Recording with Ronson transformed the band. Z explains, “What Mark did was systematically take the songs right back to their original form. We spent almost 48 hours straight with Mark arranging the songs properly before we went into the studio, and then we recorded them live-to half-inch tape-with one mic on the drums - which is terrifying, but after recording that way, I truly believe there’s no other way to record.” Tennessee adds, “Before Mark, we recorded everything nitpicky and perfect, track by track. But on those great 60’s records, the mistakes were some of the best parts of it. It was chaos most of the time - but it absolutely brought us together as a band. We recorded for six days with Mark - and we got nine songs. Then we did four days with Alex Greenwald and the Dap-Kings. It was miraculous and we became far more confident as a band.”
You can hear that confidence in seemingly every note of Release Me. The first single and title track, “Release Me,” shimmers with a melody that’s like a glorious summer day, but the yearning of the lyric and the minor chords in the bridge create a mood of frustrated romanticism that, well, can’t help but remind one of the way John Lennon’s edge curbed Paul McCartney’s sunniness to make both far more resonant. “Narcissus In A Red Dress” throbs with a sense of warning and betrayal in the arena of love, a topic that Release Me deals with in full. “We all had our hearts broken while we were making this record,” says Tennessee, but somehow that heartbreak shimmers, as in the gorgeous “In The End,” where Tennessee’ s driving and propulsive beat and Z’s commanding yet elegant lead vocals (and gorgeous “oohs” and background vocals) create a three-minute slice of pop nirvana.
While Z and Tennessee are understandably thrilled with Release Me, they’re also ecstatic about the two newest members of the band, bassist Laena Geronimo and organist Annie Monroe. Monroe came to the band after Z and Tennessee had auditioned thirty other keyboard players. Z says, “The hilarious thing about Annie is that we went to school together for 2 years - and we didn’t know each other.” Laena came from a simple text message from a friend. Tennessee recalls, “We asked our friends, “Does anyone know an amazing bass player under 25,” and our friend Todd said, “You just need to meet Laena.” Z adds, “Laena heard a song once in rehearsal and played it back and we knew she was the one. She1s the most talented musician I know.”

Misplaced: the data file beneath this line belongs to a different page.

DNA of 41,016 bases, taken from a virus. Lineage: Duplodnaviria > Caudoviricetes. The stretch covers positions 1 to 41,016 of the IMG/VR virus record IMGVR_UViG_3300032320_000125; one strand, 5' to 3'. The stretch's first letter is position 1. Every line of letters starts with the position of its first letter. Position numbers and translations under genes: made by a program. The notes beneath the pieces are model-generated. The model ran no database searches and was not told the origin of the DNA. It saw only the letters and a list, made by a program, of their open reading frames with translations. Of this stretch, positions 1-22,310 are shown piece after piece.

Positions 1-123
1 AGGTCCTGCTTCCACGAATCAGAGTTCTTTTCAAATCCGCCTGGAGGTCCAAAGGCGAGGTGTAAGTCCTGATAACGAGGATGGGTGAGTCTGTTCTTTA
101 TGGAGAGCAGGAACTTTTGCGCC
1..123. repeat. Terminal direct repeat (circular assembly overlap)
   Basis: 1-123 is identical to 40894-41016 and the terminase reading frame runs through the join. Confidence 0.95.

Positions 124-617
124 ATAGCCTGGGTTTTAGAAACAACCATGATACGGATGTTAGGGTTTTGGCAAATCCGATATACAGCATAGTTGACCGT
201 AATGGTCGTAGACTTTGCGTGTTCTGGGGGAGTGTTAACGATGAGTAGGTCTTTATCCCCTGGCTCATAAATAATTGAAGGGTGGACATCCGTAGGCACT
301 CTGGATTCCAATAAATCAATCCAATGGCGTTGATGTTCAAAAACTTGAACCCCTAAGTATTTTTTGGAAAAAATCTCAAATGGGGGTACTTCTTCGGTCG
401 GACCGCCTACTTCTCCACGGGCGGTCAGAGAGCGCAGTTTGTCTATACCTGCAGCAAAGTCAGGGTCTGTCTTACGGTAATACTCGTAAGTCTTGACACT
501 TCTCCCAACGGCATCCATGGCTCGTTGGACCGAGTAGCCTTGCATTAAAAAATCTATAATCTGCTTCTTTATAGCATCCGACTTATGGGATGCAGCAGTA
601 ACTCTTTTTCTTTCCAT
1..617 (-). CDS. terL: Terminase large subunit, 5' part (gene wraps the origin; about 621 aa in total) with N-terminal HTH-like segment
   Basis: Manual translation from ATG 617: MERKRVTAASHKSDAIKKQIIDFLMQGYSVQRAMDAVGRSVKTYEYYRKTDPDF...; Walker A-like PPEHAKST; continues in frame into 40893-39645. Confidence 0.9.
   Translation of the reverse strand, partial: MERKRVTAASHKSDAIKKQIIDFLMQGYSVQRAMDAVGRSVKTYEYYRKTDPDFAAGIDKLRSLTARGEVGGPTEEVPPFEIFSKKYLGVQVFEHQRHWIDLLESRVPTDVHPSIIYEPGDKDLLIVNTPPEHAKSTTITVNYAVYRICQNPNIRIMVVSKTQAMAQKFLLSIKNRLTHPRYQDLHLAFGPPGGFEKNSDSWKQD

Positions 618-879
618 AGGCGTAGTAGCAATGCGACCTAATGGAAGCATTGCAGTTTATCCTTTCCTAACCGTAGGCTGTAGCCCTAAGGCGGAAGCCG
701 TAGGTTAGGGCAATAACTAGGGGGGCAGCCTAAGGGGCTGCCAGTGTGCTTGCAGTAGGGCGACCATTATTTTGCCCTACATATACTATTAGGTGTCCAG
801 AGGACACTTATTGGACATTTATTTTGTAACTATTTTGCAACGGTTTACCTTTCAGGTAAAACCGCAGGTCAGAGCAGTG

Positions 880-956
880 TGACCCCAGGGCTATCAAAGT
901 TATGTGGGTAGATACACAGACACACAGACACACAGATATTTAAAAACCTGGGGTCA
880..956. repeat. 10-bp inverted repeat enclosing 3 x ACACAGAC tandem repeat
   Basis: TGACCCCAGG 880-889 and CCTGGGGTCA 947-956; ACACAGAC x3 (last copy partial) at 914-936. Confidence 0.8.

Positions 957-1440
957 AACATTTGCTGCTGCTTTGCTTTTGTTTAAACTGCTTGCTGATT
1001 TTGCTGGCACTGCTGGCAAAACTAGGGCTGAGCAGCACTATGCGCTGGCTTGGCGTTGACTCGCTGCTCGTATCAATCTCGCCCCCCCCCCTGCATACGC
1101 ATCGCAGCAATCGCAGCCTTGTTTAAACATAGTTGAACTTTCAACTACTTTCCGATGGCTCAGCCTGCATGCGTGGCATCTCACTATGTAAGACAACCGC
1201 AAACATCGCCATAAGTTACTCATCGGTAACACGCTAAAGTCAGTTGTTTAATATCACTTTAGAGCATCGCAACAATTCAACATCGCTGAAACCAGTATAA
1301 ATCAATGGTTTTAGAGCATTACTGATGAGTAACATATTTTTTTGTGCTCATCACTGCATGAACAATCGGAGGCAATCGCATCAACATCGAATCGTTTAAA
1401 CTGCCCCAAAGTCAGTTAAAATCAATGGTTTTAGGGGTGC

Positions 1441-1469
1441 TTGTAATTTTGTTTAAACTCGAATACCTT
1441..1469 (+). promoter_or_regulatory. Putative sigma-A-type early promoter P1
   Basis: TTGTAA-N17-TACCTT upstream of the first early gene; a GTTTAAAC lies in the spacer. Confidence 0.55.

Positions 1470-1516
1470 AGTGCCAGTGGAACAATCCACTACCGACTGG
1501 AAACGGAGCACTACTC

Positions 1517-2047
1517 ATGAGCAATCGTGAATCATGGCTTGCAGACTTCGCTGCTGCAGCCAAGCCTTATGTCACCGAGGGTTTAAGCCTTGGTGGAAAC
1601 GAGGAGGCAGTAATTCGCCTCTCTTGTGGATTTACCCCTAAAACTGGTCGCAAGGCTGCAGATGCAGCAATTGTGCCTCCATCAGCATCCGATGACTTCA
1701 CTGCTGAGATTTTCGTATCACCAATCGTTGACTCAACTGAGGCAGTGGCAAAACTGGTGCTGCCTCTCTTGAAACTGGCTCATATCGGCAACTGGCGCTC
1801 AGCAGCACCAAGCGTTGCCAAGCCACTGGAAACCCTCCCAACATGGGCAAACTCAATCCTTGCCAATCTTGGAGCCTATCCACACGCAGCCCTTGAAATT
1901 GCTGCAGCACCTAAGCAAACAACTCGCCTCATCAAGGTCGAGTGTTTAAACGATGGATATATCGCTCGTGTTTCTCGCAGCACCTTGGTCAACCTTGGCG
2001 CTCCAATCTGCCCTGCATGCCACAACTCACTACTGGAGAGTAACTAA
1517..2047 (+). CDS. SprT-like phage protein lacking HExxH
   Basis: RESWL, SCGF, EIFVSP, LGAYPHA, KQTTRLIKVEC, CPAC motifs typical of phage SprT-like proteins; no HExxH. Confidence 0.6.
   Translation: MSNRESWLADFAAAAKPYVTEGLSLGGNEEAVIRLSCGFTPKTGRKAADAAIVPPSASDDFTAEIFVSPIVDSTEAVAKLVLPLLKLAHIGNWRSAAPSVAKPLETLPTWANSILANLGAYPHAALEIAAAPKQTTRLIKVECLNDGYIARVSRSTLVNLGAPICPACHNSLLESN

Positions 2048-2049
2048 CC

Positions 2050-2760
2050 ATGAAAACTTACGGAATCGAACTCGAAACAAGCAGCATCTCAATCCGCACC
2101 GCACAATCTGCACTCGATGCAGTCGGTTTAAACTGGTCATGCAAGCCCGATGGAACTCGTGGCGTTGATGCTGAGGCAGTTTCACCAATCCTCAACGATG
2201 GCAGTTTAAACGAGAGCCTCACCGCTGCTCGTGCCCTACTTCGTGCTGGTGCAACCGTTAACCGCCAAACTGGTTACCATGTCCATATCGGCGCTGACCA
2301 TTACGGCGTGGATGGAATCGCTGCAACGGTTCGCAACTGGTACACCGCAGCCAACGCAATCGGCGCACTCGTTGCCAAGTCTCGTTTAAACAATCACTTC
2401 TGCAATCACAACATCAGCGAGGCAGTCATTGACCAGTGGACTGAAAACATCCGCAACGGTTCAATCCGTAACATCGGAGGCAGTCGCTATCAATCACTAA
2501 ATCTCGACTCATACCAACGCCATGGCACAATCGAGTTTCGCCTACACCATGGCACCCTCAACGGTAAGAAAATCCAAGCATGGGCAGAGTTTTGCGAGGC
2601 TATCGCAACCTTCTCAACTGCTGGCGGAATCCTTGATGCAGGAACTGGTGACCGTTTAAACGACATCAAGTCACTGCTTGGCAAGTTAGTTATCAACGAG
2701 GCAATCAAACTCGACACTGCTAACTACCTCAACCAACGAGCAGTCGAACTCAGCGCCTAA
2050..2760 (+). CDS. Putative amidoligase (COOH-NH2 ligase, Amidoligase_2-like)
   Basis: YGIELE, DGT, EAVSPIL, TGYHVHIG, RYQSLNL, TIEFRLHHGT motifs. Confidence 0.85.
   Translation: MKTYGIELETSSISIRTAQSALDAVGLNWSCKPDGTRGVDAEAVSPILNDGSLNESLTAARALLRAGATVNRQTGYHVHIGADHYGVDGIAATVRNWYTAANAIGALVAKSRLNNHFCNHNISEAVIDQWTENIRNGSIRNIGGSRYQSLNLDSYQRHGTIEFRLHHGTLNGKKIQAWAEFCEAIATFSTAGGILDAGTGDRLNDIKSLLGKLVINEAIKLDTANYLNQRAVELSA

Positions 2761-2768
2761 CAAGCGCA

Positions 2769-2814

The band is excited to finally get on the road. “We were home a lot the past few years,” says Z, “and I’m excited to get out there.” She continues with a grin, “We’re a very different kind of band now, and it’s a very different kind of show. One with infinitely more energy!”
Indeed, Release Me heralds the arrival of a stronger, tighter, and more enthused band, one with a stronger and deeper sense of who they are, all of which comes out in their undeniable new music. Z concludes, “At the end of the day, it’s like The Like broke up and The Like started. There’s no resemblance to the band that was before.” She adds devilishly, “I would change the name of the band if I didn’t like it so much.” And Tennessee has her own conclusion: “The fact that we’re still together after being through everything possible has only brought us much closer. Now we see the light at the end of the tunnel - and we’re wearing great outfits and beehives.”